An extremely rare German cryptographic machine in excellent condition has sold at auction for €98,000 ($110,000). The Schlüsselgerät (meaning “cipher machine”) 41 was supposed to replace the famous Enigma enciphering machine after it was cracked by Alan Turing and the Bletchley Park codebreakers in 1941, but very few ended up being produced and only a handful of survived in working condition. They’re so rare that even corroded husks are still prized by museums. This one is not only functional, it looks practically new.
The SG-41 was invented by cryptologist Fritz Menzer. Menzer had enlisted in the Reichswehr as a mechanic when he was 18 years old and without any formal training, developed an interest in cryptography into inventing new cracking methods and devices. In 1940, he was appointed Regierungs-Oberinspektor of the OKW/Chi, the cryptology division of the German Army High Command.
The new device had six wheels (Enigma had three, four in later models) that could rotate in both directions and used two reels of paper, one for the original text, the other for coded message, rather than bulbs illuminating letters. The keyboard operation made it much faster to use and the encryption algorithms were more complex and sophisticated. The hand crack on the side inspired the machine’s nickname: Hitlermühle, or Hitler Mill.
Even though it was distinctly superior to the Enigma machines in cryptographic functionality, the SG-41 wasn’t used until 1944. The problem was the hardware. They were supposed to lightweight and durable for use on the front lines, but shortages of aluminum and magnesium forced the use of heavier materials. The end-result was a machine that weighed 25-33 pounds which made them much too heavy for field use.
Three years after their invention, a few SG-41s made it into production. About 500 were made by Wanderer-Werke in Chemnitz, eastern Germany (makers of the iconic Continental typewriters), and dispatched to the Abwehr in late 1944 to replace the limping and inadequate Enigma-G machines still in use. Another thousand (the SG-41Z variant), were sent to the Luftwaffe weather service. The Wehrmacht planned to manufacture 1,000 of them by October 1945 and ramp up production to 10,000 a month by January of 1946. The war ended first.
The recently-sold example is one of the Abwehr machines, so one of only 500 ever made. The auctioneers enlisted cypher machine expert Klaus Kopacz to examine their Hitler Mill. They disassembled it, adjusted the wheels, inserted paper reels and tested it. Everything worked. All it needs is some WD-40 and fresh ink as the printouts were barely legible. There are only five small parts missing (a button, a spacer, a spring, a bolt and a metal disc), all easily replaceable.
2 thoughts on “Rare pristine Nazi cypher machine sold at auction”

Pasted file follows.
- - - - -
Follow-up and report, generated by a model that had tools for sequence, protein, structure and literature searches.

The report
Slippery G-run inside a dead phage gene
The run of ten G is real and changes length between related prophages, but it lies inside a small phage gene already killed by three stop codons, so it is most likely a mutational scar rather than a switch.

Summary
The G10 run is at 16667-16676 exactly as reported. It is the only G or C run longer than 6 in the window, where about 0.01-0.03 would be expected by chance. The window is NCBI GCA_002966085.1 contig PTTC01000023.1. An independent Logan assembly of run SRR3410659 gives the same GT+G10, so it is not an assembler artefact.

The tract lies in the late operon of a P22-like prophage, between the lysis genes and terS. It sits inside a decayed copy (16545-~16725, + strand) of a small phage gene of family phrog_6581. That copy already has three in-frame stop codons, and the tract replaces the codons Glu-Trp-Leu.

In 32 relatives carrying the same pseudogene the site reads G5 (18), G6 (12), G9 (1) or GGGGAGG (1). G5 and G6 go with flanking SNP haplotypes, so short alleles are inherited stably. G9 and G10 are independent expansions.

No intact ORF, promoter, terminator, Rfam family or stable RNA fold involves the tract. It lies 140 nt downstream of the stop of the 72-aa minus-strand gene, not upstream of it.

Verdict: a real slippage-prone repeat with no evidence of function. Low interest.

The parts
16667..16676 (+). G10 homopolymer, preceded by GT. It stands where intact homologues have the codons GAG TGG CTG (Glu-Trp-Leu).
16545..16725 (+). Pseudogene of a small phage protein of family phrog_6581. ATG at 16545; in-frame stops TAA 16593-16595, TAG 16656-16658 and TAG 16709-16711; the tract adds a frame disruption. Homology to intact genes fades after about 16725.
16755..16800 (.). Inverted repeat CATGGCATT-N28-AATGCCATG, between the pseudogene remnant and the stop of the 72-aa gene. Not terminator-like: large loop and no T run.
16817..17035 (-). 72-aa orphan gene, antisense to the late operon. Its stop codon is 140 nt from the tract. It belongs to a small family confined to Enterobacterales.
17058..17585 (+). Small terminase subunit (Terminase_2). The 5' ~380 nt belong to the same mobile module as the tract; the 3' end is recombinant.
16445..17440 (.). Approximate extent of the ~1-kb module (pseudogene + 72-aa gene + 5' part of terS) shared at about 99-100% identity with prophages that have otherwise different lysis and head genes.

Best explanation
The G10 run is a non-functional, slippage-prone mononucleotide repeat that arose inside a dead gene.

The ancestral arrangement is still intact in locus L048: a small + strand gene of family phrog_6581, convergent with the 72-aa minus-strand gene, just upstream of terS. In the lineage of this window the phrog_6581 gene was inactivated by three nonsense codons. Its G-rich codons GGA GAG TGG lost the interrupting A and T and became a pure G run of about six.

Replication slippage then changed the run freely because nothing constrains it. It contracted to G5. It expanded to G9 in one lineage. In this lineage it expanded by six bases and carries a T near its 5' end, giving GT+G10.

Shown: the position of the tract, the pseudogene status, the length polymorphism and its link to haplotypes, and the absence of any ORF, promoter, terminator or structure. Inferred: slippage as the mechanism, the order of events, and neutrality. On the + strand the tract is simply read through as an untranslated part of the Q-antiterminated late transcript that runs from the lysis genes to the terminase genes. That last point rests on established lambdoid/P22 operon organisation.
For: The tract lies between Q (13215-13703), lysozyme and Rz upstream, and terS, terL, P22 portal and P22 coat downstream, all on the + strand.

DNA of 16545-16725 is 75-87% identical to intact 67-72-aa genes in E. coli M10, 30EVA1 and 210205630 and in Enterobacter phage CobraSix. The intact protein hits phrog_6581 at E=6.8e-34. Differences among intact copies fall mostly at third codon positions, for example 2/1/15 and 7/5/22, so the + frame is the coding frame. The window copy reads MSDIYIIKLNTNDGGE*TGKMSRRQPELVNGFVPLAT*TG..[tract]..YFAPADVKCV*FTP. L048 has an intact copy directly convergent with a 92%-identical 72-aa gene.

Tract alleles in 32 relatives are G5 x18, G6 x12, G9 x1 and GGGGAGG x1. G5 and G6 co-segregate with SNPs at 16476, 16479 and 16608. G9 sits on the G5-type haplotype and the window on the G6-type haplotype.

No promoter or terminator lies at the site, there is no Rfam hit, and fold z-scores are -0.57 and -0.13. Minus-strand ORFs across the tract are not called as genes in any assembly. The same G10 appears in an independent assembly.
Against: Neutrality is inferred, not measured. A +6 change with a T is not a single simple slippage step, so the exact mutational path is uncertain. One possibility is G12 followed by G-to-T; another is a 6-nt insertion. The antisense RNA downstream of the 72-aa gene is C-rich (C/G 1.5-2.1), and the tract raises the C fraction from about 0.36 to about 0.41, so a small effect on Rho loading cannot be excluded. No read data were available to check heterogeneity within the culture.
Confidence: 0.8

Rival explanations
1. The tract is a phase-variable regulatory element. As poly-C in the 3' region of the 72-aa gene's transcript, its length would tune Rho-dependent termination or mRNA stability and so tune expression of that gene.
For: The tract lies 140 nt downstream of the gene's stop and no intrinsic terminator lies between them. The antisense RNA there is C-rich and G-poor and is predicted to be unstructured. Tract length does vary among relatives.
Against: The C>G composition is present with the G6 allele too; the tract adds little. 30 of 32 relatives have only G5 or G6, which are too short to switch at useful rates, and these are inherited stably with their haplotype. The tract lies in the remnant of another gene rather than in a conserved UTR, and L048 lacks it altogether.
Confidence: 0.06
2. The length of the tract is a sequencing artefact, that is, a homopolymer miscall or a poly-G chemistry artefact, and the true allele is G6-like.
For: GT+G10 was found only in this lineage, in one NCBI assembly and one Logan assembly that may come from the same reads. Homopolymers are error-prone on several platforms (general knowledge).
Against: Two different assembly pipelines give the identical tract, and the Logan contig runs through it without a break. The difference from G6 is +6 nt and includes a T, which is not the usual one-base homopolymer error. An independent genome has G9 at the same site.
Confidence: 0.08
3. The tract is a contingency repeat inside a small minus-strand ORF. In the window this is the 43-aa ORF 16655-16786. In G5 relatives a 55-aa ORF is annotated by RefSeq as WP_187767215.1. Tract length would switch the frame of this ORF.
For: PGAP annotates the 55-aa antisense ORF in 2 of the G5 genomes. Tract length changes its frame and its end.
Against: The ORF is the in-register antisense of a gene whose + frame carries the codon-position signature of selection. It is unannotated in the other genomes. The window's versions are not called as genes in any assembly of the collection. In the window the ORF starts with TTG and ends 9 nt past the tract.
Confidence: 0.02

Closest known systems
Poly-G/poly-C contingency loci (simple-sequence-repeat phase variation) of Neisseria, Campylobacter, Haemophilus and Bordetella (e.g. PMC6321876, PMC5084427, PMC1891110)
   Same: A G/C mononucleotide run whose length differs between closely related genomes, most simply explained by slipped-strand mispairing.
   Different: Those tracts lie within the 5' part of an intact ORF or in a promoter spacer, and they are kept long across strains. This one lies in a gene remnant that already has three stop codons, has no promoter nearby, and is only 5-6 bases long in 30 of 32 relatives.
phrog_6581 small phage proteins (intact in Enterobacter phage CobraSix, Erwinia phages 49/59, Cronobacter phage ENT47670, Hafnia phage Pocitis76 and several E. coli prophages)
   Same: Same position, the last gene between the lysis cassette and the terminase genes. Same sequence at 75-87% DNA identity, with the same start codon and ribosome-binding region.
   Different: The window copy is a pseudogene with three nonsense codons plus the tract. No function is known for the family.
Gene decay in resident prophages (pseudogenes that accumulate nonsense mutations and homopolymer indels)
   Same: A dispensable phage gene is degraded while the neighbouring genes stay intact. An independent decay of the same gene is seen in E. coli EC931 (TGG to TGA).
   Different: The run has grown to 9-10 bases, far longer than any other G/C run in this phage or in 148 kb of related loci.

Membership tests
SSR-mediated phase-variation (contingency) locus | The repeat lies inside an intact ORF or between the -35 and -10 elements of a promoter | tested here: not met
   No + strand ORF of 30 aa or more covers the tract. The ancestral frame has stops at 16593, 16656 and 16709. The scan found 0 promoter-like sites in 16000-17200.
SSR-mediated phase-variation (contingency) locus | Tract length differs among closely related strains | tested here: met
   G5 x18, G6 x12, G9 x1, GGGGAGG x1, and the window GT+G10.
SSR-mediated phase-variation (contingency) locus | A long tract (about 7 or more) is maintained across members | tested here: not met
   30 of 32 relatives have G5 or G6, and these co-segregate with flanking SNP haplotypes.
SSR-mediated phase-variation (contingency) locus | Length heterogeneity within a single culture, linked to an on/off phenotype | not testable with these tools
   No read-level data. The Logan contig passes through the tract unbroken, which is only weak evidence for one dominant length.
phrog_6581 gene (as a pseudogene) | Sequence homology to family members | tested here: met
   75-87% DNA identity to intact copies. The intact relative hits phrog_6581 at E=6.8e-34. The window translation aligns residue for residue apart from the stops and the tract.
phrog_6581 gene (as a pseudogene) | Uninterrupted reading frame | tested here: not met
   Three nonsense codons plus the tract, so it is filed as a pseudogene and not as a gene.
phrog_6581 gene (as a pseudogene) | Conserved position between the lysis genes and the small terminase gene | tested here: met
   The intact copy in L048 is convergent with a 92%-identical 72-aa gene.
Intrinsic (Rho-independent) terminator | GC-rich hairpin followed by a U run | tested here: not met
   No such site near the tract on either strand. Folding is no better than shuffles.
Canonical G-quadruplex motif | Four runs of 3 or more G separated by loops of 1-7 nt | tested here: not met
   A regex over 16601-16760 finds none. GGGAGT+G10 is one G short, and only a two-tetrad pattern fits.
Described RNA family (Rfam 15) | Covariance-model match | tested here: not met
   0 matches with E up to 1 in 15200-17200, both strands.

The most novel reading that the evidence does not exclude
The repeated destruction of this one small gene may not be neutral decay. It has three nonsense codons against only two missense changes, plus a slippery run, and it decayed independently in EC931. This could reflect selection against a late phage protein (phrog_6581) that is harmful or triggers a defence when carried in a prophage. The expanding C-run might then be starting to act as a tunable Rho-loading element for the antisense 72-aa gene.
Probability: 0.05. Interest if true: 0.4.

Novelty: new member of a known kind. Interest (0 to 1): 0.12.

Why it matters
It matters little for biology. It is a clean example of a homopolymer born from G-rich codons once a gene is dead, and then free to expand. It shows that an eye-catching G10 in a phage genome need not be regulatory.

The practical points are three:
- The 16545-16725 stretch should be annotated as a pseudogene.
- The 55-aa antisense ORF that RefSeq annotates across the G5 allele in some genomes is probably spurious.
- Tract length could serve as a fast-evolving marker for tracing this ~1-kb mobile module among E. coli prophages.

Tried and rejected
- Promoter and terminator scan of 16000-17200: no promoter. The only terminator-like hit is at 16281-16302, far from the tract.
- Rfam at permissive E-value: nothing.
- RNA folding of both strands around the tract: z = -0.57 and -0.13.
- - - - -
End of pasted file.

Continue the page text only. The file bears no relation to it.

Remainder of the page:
Note that on the right side, there seems to be what might be a badge (of which I could not find a picture) with additional type or model information, possibly even inventory information. In 2013, the ‘Deutsche Museum’ in Munich bought one of these units, a slightly restored one that had been hidden in a “lake in East Germany” -i.e. possibly near Chemnitz- (still looks and possibly smells a bit like that, of the lake that is :boogie: ).
Theirs is a ‘Model Z’ with 10 digits/keys used by the Luftwaffe for encrypting weather data (as the Enigma had been esteemed as insecure). The ‘Target Intelligence Commitee, USA und UK’ (TICOM), however, collected data after 1945, and in 2009 the NSA issued documentation as ‘declassified’.
— (roughly translated from their homepage and the link in this post).
…There is some more: SG-41 (video – w/ Vivaldi!), a page in German, one in English, and another one.
“…The weather service ordered about 2,000 units, which were the versions that could only encode the numbers 0 to 9. However, it was produced only about 500 to 1000 pieces, because the chief of the Wehrmachtnachtnachrichtenverbindungen (Wehrmacht Intelligence Unit) in the High Command of the Wehrmacht, Major General Thiele, considered the weight of the SG-41 to be too high for front operations. From 12 October 1944 the delivery to the defense began, which used the SG-41 instead of the Enigma G in the last months of the war and began with its replacement. […]The weaknesses of the Enigma were eliminated by a completely different way of working, whereby one probably orientated oneself at the C-machines of Hagelin, because it also used a Hagelin-typical bar wheel. The mechanical progress of the key wheels was highly irregular. What was particularly unusual was that they could even turn backwards at times. Furthermore, the key wheels influenced each other in their movements. Comparable features only appeared in 1952 with the commercially available Hagelin machine CX-52. […] The red J-key was used to represent numbers as letters. For this purpose the rarely used J was placed at the beginning and end of the number and instead of the numbers a letter was taken from the column as printed above the keyboard, e.g. JpkqbJ for 0815. […]” [machine translated]
In 1943/44, a family member of mine was defusing 240 allied bombs in the Berlin area, allegedly -i.e. according to a survivor- they were a ream of five, in which case 1200 bombs might have been defused in Greater Berlin in 1943/44 (could not tell, if this figure makes any sense). Weather data must have been very important before and during air raids, so -coming to think about it- he actually might have been using one of these.
Therefore, should anyone have the records, of where and when the shells were dropped, I would have the ones were the 240 of them were defused, and which ones they were, and we then might compare the scores 😉